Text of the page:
A long line of cars were waiting for their chance to pump gas. In the one of the spotless open repair bays stood a man in a dark suit with a gray turtleneck sweater and highly polished shoes. In front of him was a man older than he, also dressed in black. Unlike the man in the suit who was bald, or had totally shaved his head, this man had a huge shock of hair. Two guys, one on either side of the man in the suit, were facing the older, very thin man in black.

The suited man would ask a question (I was out of ear shot so could not hear the tone, but he seemed very composed, steely quiet in his questioning) and the man in black would answer in a highly agitated and animated way. It was striking to me that so much could be understood from body language and stance. The bay was very, very brightly lit. All of this was going on in full view of everyone in line — maybe as many as 20 cars full of people.

When the agitated man apparently did not answer to the satisfaction of the man in the suit he would nod, and the two tough-looking muscular guys with him would haul off and hit the guy, generally in the head. His face was very bloody. My support car was parked on the outskirts of the parking lot. There was a sign on the car clearly stating what I was doing, and press coverage had made most people aware of who I was all over Japan. Still, I could not help myself.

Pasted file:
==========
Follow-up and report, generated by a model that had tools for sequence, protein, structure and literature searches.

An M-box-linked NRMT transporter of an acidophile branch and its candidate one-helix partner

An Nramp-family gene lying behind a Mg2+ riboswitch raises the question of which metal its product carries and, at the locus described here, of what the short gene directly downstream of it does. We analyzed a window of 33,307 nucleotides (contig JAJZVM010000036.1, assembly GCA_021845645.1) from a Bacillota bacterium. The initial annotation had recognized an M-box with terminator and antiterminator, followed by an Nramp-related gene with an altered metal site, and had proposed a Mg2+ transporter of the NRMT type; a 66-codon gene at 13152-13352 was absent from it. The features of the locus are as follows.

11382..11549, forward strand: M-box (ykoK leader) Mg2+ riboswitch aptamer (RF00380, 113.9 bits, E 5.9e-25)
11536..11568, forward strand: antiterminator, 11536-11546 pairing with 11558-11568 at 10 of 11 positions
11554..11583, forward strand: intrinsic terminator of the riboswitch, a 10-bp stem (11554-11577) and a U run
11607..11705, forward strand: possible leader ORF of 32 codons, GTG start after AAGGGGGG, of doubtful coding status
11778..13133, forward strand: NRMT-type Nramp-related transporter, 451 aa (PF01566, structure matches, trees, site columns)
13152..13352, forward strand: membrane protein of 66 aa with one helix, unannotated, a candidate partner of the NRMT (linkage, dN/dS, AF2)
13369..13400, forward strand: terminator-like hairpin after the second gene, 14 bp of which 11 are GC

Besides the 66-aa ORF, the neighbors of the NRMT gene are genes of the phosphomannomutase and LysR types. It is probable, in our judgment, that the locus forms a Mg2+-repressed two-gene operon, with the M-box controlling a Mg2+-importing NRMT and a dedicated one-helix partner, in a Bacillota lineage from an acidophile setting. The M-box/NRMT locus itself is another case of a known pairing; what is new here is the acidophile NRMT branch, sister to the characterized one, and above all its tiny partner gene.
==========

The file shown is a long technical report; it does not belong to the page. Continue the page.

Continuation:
I went to someone who seemed to work there and asked why this was going on, why no one stopped it or called the police. I was told one word, “yakuza,” and that they could not stop it. The beaten man had failed to repay his loan on time and he was being punished. I started to cry and stuck out like a sore thumb in the brightly lit area of the pumps, visible to those in the bay. I moved back out towards the perimeter, but did not want to call attention to my car… as if this foreign lady on foot in running gear could do anything but draw attention!

The whole group moved into the brightly lit gas station, and they gave the man a towel and water to clean up his face. He seemed to be talking to them in a begging manner… but at least it seemed to me he was out of danger.